In a potentially crippling blow to Carsey-Werner Distribution’s “You Bet Your Life,” WCBS-TV in New York is expected to drop the Bill Cosby-hosted comedy gameshow from its access slot in January.
Although WCBS will wait to officially announce its decision until after the release of November sweeps demos, sources close to the station said yesterday that “Bet’s” fate had already been sealed.
The move, which could hurt the show’s odds of going forward in national syndication, follows a series of programming shifts in the nation’s No. 1 TV market.
Under the changes, which will take effect Jan. 4, Tribune Entertainment’s “Geraldo” will return to the station in the 4-5 p.m. weekday slot from Tribune Broadcasting-owned indie WCIX-TV, while Paramount’s “Hard Copy” will reclaim “Bet’s” 7 p.m. berth on WCBS.
“Geraldo” returns to the early news lead-in position it held from 1989-91 under a multiyear deal that expires at the end of the 1994-95 season. The talker , which appears close to renewals with CBS O&Os KCBS-TV and WCIX-TV in Miami, had performed decently in the early fringe slot its last time out.
“Hard Copy” also had done fairly well in access until WCBS bumped it to 4:30 p.m. this season to make room for the new Cosby show. The station is contractually obligated to air the Par tabloid show in access.
WCBS reportedly will downgrade King World’s “Inside Edition” from 4 p.m. to the wee hours of the morning, unless the distrib can find another station in the market to take the show.
Despite a recent short ratings spurt due to its exclusive interview with Amy Fisher–the “Long Island Lolita” who is awaiting sentencing for shooting the wife of her alleged lover–the station has been unable to make a dent against such powerhouse talkers as WABC’s “The Oprah Winfrey Show” or WNBC-TV’s “Donahue.”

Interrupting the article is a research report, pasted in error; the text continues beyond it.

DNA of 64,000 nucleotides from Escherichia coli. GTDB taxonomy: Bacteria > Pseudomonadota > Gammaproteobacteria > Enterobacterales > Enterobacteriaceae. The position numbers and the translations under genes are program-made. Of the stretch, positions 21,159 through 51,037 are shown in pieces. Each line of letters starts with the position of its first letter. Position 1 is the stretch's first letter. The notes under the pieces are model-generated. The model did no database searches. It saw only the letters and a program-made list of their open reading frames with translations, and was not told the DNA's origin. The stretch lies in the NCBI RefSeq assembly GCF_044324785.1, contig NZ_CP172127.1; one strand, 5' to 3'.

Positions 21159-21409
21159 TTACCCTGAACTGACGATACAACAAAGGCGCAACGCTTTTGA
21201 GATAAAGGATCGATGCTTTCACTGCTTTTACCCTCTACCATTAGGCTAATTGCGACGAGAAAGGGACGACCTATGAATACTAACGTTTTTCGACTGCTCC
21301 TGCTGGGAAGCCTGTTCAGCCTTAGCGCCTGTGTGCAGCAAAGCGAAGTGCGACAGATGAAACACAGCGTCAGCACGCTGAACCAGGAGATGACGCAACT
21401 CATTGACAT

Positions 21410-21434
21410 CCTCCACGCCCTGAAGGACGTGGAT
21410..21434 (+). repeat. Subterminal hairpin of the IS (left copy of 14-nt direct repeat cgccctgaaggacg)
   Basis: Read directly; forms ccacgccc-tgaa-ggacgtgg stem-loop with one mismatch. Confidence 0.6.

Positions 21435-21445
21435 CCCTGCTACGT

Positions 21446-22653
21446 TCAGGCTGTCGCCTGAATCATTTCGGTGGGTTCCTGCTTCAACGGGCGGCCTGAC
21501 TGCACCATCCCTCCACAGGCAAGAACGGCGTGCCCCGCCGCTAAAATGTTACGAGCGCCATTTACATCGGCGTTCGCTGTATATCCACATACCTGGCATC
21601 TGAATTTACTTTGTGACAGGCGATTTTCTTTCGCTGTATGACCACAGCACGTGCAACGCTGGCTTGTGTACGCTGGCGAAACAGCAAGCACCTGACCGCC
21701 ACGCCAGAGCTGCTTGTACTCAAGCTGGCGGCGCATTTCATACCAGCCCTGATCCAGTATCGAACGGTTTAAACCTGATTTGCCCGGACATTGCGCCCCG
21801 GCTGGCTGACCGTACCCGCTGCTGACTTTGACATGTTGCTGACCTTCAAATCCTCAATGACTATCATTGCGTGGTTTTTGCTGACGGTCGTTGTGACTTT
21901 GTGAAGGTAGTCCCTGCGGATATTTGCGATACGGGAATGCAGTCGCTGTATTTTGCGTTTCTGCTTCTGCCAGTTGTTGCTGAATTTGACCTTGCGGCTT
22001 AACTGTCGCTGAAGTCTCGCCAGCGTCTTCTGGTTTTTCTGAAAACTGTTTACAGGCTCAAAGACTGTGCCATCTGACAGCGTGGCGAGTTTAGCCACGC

KW could seek to place “Edition” on WPIX, which will lose an hour with “Geraldo” in January and another hour in September 1993. That’s when Trib’s “The Joan Rivers Show” moves into the 9 or 10 a.m. slot on WCBS.
Although this marks the fourth time that “Edition” has failed in New York (during runs on WCBS and WNBC-TV), the show has proved to be one of the few national barter entries that has succeeded without a Gotham clearance.
The same may not hold true for “Bet.” Unlike “Edition,” which boasts a respectable national ratings average, “Bet” has so far underperformed its barter ratings guarantees to national advertisers.
The show is last in its time period on WCBS as well as KCBS-TV, but the latter intends to evaluate the November book demos before making a final decision.
Although C-W Distrib prez Bob Jacobs has been quoted as saying that a few major-market downgrades won’t bring an end to “Bet,” WCBS’ decision raises some questions–particularly whether Cosby would want to continue with a show that has less than premiere clearances in top markets.
WCBS has yet to schedule a post-midnight slot for “Bet,” apparently in anticipation that C-W will discontinue it. Production ended Friday on the second 65-episode installment, with the final batch slated to start in February.
C-W officials and reps for the entertainer did not return phone calls yesterday.
With the beating the gameshow revival has taken, questions have arisen about whether C-W will be able to successfully launch its next syndie project, a revival of the ’50s gameshow “I’ve Got a Secret.”
“This is certainly not a vote of confidence for another old show,” said John Rohr, VP and director of programming for Blair.
There are already doubts about C-W’s intentions concerning “Secret” in the wake of “Bet’s” problems.
“It’s a little late to come out with a show that they think can get clearances on a wide scale. It seems that there is already an abundance of access programming available and an awful lot of new (and returning) talkshows vying for early fringe slots,” Rohr said.
Neither Rohr nor Jack Fentress, VP and director of programming for Petry National Television, is ready to write off “Bet” just yet.
“It’s a little difficult to answer … until the November book comes out,” Fentress said. “If stations choose to downgrade the show, it doesn’t necessarily mean that they will throw it off the air or downgrade it to 3 a.m.”
Because the show has skewed a little older in the major markets, Fentress suggested that early fringe or morning slots may work better.
“A lot will be determined by what the mid-sized markets look like (in the November sweeps),” Rohr said. “The demos will also be important deeper into the market list.”